The draft version of legislation to strengthen the existing unfair contract term protections in the Australian Consumer Law (ACL) was recently released for public consultation, giving us a peek into what is to come. The proposed changes are significant, including potential penalties of AU$10 million, and businesses trading in Australia will likely need to review their contract terms.
The current unfair contract term protections under the ACL have sometimes been described as a “toothless tiger”. Currently, the protections are quite limited in application and where a term is found to be an “unfair contract term”, it is simply void. Only parties who prove to a court that they have suffered loss or damage as a result of the unfair term can be compensated. No penalties currently apply.
This is set to change and businesses trading in Australia will need to prepare.
In August 2021, the Exposure Draft Legislation and accompanying Explanatory Materials were released for public consultation. The changes proposed are intended to provide fairer allocation of risk in standard form contracts and improve consumer and small business confidence when entering into such contracts. We provide a summary of the changes proposed in the Draft Legislation below.
Increased scope of application to larger businesses and no limit on contract value
The scope of application of unfair contract term laws will likely be broadened. It will continue to apply to standard form contracts which are “consumer contracts” or “small business contracts”, but those definitions would be expanded.
Currently, one of the requirements for a contract to be a “small business contract” is that at least one party to the contract is a business employing fewer than 20 persons. The Draft Legislation increases this to either 100 employees or alternatively, for the company to have an annual turnover threshold of less than $10 million.
Also, the requirement that the upfront payable price of the contract must be below a certain threshold is to be removed. This brings many more companies within the ambit of the legislation.
We can also expect some increased clarity around the definition of a “standard form contract”. The Draft Legislation specifies that courts must not take into account opportunities to negotiate minor or insubstantial changes to the terms of the contract, opportunities to select a term from a range of options, and the extent to which parties to another separate (but perhaps similar) contract were given opportunity to negotiate its terms. This further solidifies the need to provide the other party with an effective opportunity to negotiate the contract if the unfair contract term provisions are to be avoided.
Terms declared by court to be unfair cannot be used
The Draft Legislation provides that if a term has been declared by a court to be unfair, there will be a presumption in subsequent proceedings that terms which are the same or have a substantially similar effect will also be unfair. This will require businesses to stay abreast of changes to the law in this area by actively reviewing and amending the terms in their standard form contracts in accordance with the court’s decisions.
Growing “teeth” – significant civil penalties and potential remedies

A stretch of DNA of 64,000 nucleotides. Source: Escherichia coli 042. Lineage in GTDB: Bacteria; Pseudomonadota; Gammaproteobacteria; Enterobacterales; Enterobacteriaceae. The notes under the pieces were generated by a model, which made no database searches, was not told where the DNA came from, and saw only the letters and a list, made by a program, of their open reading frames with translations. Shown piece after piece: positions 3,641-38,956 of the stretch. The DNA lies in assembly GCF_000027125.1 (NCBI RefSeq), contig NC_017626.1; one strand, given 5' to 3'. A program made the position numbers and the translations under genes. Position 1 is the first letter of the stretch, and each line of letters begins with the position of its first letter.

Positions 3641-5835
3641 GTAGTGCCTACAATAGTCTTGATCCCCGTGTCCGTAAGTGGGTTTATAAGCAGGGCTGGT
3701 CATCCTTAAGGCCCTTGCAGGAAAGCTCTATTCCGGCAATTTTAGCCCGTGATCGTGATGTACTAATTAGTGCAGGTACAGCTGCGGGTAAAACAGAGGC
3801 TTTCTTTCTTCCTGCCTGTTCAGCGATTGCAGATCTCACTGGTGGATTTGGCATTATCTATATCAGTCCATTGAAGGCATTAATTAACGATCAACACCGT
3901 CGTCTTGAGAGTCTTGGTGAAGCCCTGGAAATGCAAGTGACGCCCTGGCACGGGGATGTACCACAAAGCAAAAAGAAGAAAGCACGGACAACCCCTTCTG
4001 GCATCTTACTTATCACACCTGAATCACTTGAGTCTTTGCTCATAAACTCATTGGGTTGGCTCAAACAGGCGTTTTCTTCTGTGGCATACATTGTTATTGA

There are currently no penalties for parties using unfair contract terms in their standard form contracts. The Draft Legislation would introduce penalties not only for proposing an unfair term but also for relying on the term. Further, it creates separate contraventions for each term which is unfair. This means that a business may breach the prohibition multiple times in a single contract (and therefore, attract multiple penalties), when they propose the term and again when they rely on it.
For a company, the maximum amount of the penalty will be the greater of: AU$10 million; three (3) times the value of the benefit the company obtained from the breach of the law (if that can be determined; or, if the court cannot determine the value of that benefit, 10% of the company’s annual turnover.
The Draft Legislation also introduces some new remedies specifically for unfair contract terms. A court can now make orders to void, vary or refuse to enforce part or all of a contract if the court thinks this is appropriate to prevent or reduce loss or damage that may be caused (or to remedy loss or damage that has occurred). Unlike other orders the court can make under the ACL, there is no need to show that loss or damage has occurred, only that it may.
A court can also make some new special orders on the application of the regulator, including orders injuncting the offending party from using an unfair term (or terms similar to it) in any future contracts. These orders can be made up to six (6) years after the court declares a term is unfair. This gives the regulator significant power to crack down on unfair terms on an ongoing basis.
Other proposed changes
- It would be expressly stated that remedies for the breach of unfair contract term provisions are also available to non-parties to the contract, and regardless of their status as a consumer or small business.
- The Draft Legislation would also clarify that if a law of the Commonwealth, State or Territory requires or reads in certain terms into a standard form consumer or small business contract, even if the law does not require or expressly permit those terms per se, it still cannot be considered an unfair contract term under the ACL.
Key takeaways for businesses
If you’d like our assistance with conducting a review of your standard form agreements, please contact us.